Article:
VMware’s CloudHealth Technologies acquisition closed Thursday after a whirlwind 18-month courtship. Joe Kinsella, CTO and CloudHealth co-founder, said it all started with a meeting to discuss a VMware-CloudHealth technology partnership. And then VMware’s “strategy shifted when they realized this was an area they needed to own for multi-cloud management,” Kinsella said.
VMware CEO Pat Gelsinger first announced the CloudHealth deal on stage at VMworld in August. CloudHealth, Gelsinger said, gives VMware “the most complete set of multi-cloud management tools in the industry.”
The companies won’t disclose the purchase price, but reports put it at about $500 million.
SDxCentral caught up with Kinsella on Oct. 4, the day the acquisition closed and Kinsella’s first official day as a VMware employee. He said CloudHealth, founded in 2012, allowed him to merge his two professional passions: IT management and cloud computing. The startup, whose multi-cloud management and operations platform supports Amazon Web Services (AWS), Microsoft Azure, and Google Cloud Platform, grew to more than 3,000 customers including Yelp, Dow Jones, Zendesk, Skyscanner, and SHI. It also raised $85.7 million, most recently scoring $46 million in a June 2017 Series D round.
“Everything just clicked, this message of managing your cloud infrastructure, and cost management and security and compliance,” Kinsella said. “Before being acquired by VMware we were on the path to becoming a public company.”
Inside the Deal
And then 18 months ago he met with a VMware senior vice president in charge of partnerships.
“We thought there was a lot of energy, and we walked out of that meeting thinking VMware should OEM our platform,” he said. So the CloudHealth team got to work on that project until VMware’s strategy shifted from partnering to purchasing.
“In May, we started to really engage. We had to [decide] is this something we want to do.” Kinsella remembered. From the CloudHealth perspective, the growing importance of hybrid cloud sealed the deal.
“VMware’s been the single greatest provider of IT infrastructure in the last couple of decades,” Kinsella said. “CloudHealth was born as public-cloud first. We started in two different worlds but we had customers pulling us into the data center and VMware was being pulled into the public cloud. Our two worlds were being pulled together.”
VMware’s Public Cloud Strategy
At VMworld, Gelsinger said VMware plans to roll its existing cloud automation, compliance, and governance tools into a new CloudHealth suite. “We will make CloudHealth the cloud operations health platform of choice,” he said.
And then last month at the Deutsche Bank Technology Conference, Rajiv Ramaswami, VMware’s COO for products and cloud services, provided more details about the virtualization giant’s public cloud strategy. CloudHealth, he said, plays a starring role.
“With CloudHealth, our rationale is that it provides us that framework and foundation to go build a full set of services to provide management, operations, security, compliance, cost management, across all of these public clouds,” Ramaswami said.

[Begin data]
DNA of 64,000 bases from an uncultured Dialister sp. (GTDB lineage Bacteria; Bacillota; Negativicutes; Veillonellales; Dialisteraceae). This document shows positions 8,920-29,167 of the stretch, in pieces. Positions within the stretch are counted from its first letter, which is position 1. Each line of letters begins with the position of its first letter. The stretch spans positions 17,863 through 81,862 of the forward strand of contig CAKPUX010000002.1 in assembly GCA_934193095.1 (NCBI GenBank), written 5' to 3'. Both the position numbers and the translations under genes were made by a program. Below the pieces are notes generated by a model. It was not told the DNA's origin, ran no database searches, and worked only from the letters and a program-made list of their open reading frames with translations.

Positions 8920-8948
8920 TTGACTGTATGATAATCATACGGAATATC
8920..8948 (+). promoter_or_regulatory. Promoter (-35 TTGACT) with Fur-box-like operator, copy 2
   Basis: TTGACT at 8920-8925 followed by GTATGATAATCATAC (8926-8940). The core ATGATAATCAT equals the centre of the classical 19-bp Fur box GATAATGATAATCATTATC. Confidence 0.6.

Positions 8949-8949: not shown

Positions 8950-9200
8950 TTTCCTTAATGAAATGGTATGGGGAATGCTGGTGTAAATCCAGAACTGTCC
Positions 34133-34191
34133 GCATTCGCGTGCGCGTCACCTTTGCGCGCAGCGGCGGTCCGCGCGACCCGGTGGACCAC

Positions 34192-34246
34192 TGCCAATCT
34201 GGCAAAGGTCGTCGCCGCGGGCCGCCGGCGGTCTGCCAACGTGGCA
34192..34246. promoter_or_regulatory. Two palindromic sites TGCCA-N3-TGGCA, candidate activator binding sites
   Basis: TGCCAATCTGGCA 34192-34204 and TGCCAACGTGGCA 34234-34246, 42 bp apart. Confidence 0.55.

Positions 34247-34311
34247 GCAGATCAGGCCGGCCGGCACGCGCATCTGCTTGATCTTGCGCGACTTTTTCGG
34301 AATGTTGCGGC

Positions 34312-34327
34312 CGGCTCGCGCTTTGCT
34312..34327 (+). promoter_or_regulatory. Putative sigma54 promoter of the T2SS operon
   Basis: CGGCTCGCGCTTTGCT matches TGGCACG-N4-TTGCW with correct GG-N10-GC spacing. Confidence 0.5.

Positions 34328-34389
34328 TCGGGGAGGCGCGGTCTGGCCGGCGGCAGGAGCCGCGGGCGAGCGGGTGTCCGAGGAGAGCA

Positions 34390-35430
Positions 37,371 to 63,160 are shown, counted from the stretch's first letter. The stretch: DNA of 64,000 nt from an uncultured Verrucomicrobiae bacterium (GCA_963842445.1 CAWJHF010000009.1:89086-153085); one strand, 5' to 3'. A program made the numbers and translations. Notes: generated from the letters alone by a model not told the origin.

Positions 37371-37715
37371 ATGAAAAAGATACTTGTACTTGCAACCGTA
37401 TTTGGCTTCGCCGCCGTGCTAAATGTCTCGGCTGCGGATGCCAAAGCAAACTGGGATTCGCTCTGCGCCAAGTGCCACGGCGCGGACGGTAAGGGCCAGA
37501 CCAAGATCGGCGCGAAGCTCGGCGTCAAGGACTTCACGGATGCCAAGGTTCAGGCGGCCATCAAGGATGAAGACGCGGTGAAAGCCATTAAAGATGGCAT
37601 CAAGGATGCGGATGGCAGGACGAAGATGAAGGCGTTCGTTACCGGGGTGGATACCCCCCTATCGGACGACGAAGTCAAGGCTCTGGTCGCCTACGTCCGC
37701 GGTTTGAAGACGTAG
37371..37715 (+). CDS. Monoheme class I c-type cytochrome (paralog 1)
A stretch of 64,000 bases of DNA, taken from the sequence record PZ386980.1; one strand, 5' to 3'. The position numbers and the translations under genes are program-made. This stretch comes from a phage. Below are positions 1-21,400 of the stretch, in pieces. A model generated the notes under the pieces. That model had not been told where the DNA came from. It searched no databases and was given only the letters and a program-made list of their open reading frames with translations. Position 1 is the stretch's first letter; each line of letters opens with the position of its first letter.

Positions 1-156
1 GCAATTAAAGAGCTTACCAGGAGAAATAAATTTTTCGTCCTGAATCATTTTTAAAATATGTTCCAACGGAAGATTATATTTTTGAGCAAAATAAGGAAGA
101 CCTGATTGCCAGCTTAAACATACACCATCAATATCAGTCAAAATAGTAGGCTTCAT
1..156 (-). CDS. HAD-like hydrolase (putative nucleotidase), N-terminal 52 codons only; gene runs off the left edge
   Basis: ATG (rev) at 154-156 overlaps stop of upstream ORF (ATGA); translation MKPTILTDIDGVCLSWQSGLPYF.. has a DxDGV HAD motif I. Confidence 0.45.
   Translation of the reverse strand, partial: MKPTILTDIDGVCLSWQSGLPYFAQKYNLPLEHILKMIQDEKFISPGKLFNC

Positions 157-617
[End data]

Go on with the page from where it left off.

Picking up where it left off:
According to Kinsella, VMware also plans to go after managed service providers with its new CloudHealth product line. “We really believe that managed services are going to be a way that many segments are going to consume public cloud and private cloud,” he said. “You will see some exciting things as a result of this partnership between CloudHealth and VMware.”
Cloud’s Next Phase
He also discussed the next phase of cloud computing. In this phase, the proliferation of multi-cloud will create a divergence — not a convergence — of cloud providers.
With infrastructure-as-a-service (IaaS), compute and storage across public clouds are similar, Kinsella said. But as you move to platform-as-a-service (PaaS), and add machine learning and big data services, “there’s really a fantastic diversity that’s occurring across these clouds,” he said. “I’m watching customers start to treat the cloud as a composable service. They take a few services from one public cloud and a few services from another public cloud and they combine them into one business application.”
For example, a CEO of a medical imaging company created a business service that used multiple software-as-a-service (SaaS) products, Amazon S3 for storage, and Google’s machine learning services. “He had multiple-different cloud providers, but for him is was just one, cohesive business application that his customer received,” Kinsella said.
Admittedly, this cloudy vision is self-serving because it requires a comprehensive multi-cloud management tool like CloudHealth.
“What it means is the complex world we’ve been living in since the advent of the public cloud is going to get a lot less complex,” Kinsella said.“VMware eliminates the complexity inside your data center. CloudHealth was born to eliminate complexity in your public cloud. And the combination of the two companies is there to do both across your multi-cloud.”
CloudHealth CTO and co-founder Joe Kinsella.